By Brent Bolin

It is estimated that each year Americans consume a lot of plastic bags - about 100 billion, weighing more than 8 billion pounds. These are the bags we get when we buy a can of soda, a candy bar, or our groceries - bags that we use one time and then most often throw away.

The problem is that too few bags get reused or recycled and instead end up as roadside litter, get caught in trees, mar our cities and towns, and become a harmful pollutant that damages our rivers, harbors and ultimately the Chesapeake Bay.

In an effort to improve the health of our waters and reduce litter throughout the state, the Maryland Legislature is considering HB 1034/SB 602 the “Clean the Streams and Beautify the Bay Act of 2011.” The purpose of this bill is quite simple: to remove a significant pollutant – trash – from the waste stream by discouraging the use of disposable carryout bags and encouraging the use of reusable bags.

Disposable bags, particularly plastic bags, are one of the most common forms of litter than end up in streams, rivers and the Chesapeake Bay. For example, it has been shown that 47% of the trash in the Maryland tributaries of the Anacostia River consists of plastic bags.

The way the program would work is this: most retailers would be required to charge 5 cents for each disposable bag sold to a consumer. Stores would retain 1 cent (or 2 cents, if they have a bag credit program) to cover costs, with the remainder going to the state to support a reusable bag distribution program, public education efforts, and a dedicated grant program to fund stream clean-ups, community greening projects, environmental education, and a state-wide youth conservation corps.

Why 5 cents? Mainly because of the average cost of bags - retailers spend 2-3 cents per plastic bag and 5-8 cents per paper bag. So 5 cents is a fair reflection of the average cost of disposable bags. Keep in mind that the cost of these "free" bags is passed on to consumers in the form of higher prices.

The bag bill is pro-consumer because it splits this cost out and gives consumers a way to avoid it if they so choose to. We've calculated that the average Marylander spends $15 - $37.50 on these hidden bag costs each year. Contrast that with a reusable bag that costs on average $1-3 and lasts about two years and the pro-consumer angle becomes clear.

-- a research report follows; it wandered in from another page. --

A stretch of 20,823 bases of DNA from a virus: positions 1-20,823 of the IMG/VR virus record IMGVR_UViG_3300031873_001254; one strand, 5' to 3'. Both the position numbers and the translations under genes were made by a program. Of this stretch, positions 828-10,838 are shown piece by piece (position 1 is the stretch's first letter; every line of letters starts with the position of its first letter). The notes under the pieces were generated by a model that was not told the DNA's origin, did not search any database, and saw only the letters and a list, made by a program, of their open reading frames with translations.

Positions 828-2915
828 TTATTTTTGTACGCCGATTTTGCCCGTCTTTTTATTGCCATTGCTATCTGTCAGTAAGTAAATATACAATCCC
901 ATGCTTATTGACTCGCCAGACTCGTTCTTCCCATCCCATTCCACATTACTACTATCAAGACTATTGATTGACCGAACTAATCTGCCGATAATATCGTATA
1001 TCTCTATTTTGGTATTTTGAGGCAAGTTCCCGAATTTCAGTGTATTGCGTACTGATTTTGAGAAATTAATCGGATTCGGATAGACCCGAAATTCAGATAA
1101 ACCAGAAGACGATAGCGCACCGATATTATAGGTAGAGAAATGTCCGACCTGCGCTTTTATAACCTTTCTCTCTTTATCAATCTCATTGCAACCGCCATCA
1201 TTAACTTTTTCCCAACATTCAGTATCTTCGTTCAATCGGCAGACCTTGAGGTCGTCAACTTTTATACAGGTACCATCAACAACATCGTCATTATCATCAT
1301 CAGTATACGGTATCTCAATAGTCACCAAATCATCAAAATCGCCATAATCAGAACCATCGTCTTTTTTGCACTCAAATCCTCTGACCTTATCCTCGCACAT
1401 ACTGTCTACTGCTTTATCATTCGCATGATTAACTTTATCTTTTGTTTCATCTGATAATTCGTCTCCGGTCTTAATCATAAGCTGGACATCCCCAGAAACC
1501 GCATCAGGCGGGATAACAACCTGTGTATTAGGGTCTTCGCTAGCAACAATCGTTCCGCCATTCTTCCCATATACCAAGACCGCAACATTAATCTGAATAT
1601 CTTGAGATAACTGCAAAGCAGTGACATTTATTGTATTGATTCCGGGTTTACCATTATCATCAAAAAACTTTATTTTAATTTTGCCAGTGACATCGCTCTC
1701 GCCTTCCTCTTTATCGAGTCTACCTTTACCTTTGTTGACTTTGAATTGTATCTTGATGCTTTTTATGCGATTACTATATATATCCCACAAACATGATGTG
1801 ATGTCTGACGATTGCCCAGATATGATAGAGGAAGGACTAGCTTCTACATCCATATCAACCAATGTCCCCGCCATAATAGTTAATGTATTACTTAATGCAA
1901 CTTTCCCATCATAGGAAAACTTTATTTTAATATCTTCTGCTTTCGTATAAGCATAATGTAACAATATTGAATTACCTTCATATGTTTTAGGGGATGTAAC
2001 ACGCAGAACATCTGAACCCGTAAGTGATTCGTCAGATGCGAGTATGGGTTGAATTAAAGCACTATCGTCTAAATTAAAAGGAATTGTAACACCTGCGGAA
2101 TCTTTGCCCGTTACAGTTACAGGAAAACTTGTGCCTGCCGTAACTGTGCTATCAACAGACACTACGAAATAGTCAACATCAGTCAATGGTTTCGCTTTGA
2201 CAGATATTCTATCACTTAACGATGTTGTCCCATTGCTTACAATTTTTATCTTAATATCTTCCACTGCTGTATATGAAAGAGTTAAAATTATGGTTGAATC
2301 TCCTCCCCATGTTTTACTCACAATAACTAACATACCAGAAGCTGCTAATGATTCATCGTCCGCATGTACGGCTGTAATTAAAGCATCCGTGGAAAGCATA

So how do we know this approach will work? This evidence comes from the bag fee program recently implemented in Washington, DC. In the first year of the program, the number of plastic bags used in DC dropped from 270 million in 2009 to 55 million in 2010 – an 80 percent reduction!

On the Anacostia River, 66 percent fewer bags were collected in clean-up efforts in 2010 versus 2009. Moreover, an overwhelming 78 percent of businesses recently interviewed reported that the bag fee had had either a positive effect or no effect at all on business.

The reason is simple: because these bags are not free to you or the store owners, businesses save a lot of money because they are buying fewer "free" bags to give out. The average small business will save $500 to $3,000 per year; larger stores, even more. So the bag bill is pro-business too.

There is strong public support for this measure. In a statewide survey conducted by OpinionWorks in December 2010, 64% of the state’s residents reported that they would support a 5-cent fee on disposable bags if revenue generated by the fee were used to fund local community clean-up projects.

Support for the bill is gaining is in the General Assembly. The reason is clear: It’s rare to find policies that help both the environment and business at the same time. The era of the plastic and paper bag, used once then thrown away, is over. And while recycling is certainly part of the solution, currently the industry only has the capacity to recycle 10 percent of plastic bags in use.

Now, we finally now have a better solution, and should be prepared to embrace it. Marylanders care deeply about the health of the environment and are ready to embrace win-win policies like the bag bill.

Brent Bolin is Director of Advocacy for the Anacostia Watershed Society and part of the Trash Free Alliance.